Sabha. After having been passed by it, the money bill goes to the Rajya Sabha. Such a bill
can be delayed by the Rajya Sabha for a maximum period of 14 days.
If the Rajya Sabha fails to pass a money bill and 14 days elapse from the date of the
submission of the bill to it, the money bill is deemed to have been passed by both the houses
of Parliament. It is sent to the President for his signature.

In case of any dispute as to whether a particular bill is a money bill or not, the Speaker of the
Lok Sabha gives the decision. His decision is final and it cannot be challenged in any court or
even in the Rajya Sabha or the Lok Sabha. Thus, we can any that the Lok Sabha has the final
control over the finances of state. No tax can be levied or collected or changed or abolished
without the approval of the Lok Sabha. The fiscal policies of the government cannot be
implemented without the consent of the Lok Sabha.

iv. Judicial Powers:

The Lok Sabha also performs some judicial functions. The impeachment proceedings can be
taken up against the President either in the Lok Sabha or the Rajya Sabha. The President can
be removed from office only when an impeachment resolution is adopted by each of the two
Houses with a 2/3 majority of its members.

The Lok Sabha also investigates the charges prepared by the Rajya Sabha against the Vice-
President of India. The Lok Sabha and the Rajya Sabha can together pass a resolution for the
removal of any judge of the Supreme Court or of a State High Court.

Both the Houses can jointly pass a special address and present it to the President for the
removal of some high officers of the state like the Attorney General, the Chief Election
Commissioner and the Comptroller and Auditor General of India. Lok Sabha can also take
action against any member or any citizen who is held to be guilty of committing contempt of
the House.

v. Electoral Functions:

The Lok Sabha also performs some electoral functions. The elected members of the Lok
Sabha take part in the election of the President. Members of the Lok Sabha and the Rajya
Sabha together elect the Vice-President of India. The members of the Lok Sabha also elect a
Speaker and a Deputy Speaker from amongst themselves.

6. Some Other Powers of Lok Sabha:

The Lok Sabha and the Rajya Sabha jointly perform the following functions:

a. Approval of the ordinances issued by the President

b. Change of the boundaries of the states. State, creation of new states and
change in the name of any state.

c. Changes in the jurisdiction of the Supreme Court and the High Courts.

d. Changes the qualifications of the members of the Parliament and State


e. Revising the salary and allowances of the members of Parliament,

f. The setting up of Joint Public Service Commission for two or more states.

g. Passing of a resolution for abolishing or creating the upper chamber of a state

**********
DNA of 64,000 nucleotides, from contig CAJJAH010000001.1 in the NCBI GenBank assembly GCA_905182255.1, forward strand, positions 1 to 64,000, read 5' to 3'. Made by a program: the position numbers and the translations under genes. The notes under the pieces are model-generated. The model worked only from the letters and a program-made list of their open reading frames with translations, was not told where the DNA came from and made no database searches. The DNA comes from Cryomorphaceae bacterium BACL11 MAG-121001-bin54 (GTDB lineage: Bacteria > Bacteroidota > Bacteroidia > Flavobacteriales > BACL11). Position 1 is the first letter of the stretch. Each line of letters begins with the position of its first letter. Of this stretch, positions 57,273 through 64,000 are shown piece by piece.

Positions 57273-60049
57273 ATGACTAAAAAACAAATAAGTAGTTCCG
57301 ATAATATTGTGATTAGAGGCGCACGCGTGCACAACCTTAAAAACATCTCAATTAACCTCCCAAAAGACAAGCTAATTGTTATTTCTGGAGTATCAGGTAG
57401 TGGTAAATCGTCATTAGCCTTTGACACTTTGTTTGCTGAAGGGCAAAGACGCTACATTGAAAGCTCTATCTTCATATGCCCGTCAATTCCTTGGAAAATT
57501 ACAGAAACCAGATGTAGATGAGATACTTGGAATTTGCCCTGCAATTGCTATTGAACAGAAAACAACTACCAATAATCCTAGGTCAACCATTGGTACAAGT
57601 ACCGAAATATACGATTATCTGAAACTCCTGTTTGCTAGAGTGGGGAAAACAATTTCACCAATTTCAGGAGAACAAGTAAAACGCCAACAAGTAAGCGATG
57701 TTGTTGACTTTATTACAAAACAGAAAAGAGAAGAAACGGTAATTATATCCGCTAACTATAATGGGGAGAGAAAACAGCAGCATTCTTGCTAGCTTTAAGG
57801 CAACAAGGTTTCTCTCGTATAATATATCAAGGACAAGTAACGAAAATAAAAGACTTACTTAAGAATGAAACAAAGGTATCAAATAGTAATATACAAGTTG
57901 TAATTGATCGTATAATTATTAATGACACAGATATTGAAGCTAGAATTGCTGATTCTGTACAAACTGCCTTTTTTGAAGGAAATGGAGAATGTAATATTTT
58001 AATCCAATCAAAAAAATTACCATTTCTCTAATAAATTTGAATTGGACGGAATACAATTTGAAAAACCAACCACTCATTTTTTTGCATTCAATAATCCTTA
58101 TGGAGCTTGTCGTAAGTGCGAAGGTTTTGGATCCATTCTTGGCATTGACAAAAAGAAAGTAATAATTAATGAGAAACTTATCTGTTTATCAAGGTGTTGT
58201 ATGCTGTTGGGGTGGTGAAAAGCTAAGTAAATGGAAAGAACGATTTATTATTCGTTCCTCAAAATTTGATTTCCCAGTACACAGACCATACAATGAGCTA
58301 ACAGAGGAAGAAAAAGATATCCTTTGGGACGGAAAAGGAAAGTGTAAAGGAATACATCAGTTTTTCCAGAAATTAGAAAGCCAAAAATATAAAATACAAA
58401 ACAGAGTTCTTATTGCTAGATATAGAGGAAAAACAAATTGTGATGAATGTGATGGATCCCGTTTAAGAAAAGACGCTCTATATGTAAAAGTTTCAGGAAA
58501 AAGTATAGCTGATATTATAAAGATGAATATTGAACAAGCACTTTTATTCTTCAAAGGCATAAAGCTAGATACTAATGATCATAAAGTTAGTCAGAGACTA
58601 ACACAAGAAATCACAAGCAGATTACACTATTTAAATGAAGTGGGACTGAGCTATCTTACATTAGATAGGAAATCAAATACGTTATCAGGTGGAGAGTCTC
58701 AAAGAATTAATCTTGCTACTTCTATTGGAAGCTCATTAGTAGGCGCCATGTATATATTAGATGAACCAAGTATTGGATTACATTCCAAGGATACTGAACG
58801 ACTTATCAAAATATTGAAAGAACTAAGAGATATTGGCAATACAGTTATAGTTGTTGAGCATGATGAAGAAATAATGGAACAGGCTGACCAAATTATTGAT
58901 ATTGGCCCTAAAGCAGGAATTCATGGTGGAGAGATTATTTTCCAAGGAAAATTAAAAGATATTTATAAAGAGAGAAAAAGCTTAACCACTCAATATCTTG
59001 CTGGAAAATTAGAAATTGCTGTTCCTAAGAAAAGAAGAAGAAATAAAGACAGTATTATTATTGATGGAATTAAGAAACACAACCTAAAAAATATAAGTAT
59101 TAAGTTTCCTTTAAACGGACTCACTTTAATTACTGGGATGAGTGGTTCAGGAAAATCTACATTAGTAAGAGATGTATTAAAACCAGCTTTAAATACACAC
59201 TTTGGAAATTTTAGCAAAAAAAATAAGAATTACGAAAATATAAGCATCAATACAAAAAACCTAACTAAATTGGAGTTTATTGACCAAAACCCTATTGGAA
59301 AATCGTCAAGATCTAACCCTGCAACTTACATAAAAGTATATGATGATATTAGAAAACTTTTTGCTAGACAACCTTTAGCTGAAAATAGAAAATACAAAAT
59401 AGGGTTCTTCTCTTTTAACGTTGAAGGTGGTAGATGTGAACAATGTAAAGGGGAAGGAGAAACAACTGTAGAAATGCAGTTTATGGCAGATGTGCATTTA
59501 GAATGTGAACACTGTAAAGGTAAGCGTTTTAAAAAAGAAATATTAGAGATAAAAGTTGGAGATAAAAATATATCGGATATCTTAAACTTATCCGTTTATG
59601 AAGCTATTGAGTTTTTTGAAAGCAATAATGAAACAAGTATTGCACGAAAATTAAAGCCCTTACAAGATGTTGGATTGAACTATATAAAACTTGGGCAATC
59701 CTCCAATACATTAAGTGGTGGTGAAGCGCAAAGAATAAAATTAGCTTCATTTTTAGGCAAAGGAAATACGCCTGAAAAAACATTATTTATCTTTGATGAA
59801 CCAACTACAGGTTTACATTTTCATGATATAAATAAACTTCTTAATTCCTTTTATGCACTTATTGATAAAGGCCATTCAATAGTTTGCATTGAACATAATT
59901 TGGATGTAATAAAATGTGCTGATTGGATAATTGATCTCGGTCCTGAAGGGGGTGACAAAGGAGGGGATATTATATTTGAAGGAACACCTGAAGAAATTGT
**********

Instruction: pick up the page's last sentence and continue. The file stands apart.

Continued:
h. Approval of a Declaration of Emergency.


This Background Guide is meant solely for research purposes and must not be cited as
evidence to substantiate statements made during the workshop. Evidence or proof for
substantiating statements made during formal debate is acceptable from the following

1. United Nations and related U.N Bodies Reports:

Documents/Reports/Journals from United Nations and its various bodies will be accepted as
credible proof during the formal business of the house.


United Nations:

2. News Sources:
i. Reuters: Any Reuters article that clearly makes mention of the fact or is in
contradiction of the fact being stated by a delegate in council.
ii. State operated News Agencies: These reports can be used in the support of or against
the State that owns the News Agency. These reports, if credible or substantial enough,
can be used in support of or against any country as such but in that situation, may be
denied by any other country in the council.
Some examples are

Press Trust of India

Press Information Bureau:

3. Government Reports:

These reports can be used in a similar way as the State Operated News Agencies reports and
can, in all circumstances, be denied by another country. However, a nuance is that a
report that is being denied by a certain country can still be accepted by the
Executive Board as a credible piece of information. Examples are Government
Websites like-

Lok Sabha:

National Portal of India:

Law Commission of India :

4. Multilateral Organizations

Documents from international organizations like the United Nations (UNO), North
Atlantic Treaty Organization (NATO), Association of South East Asian Nations
(ASEAN), etc. Documentation from Treaty based bodies like the Antarctic Treaty
System, or the International Criminal Court may also be presented.

[Note- Under no circumstances will sources like Wikipedia, or newspapers like The
Guardian, Times of India etc. be accepted. However, notwithstanding the
aforementioned criteria for acceptance of sources and evidence, delegates are still
free to quote/cite from any source as they deem fit as a part of their statements.]
i Lok Sabha Website: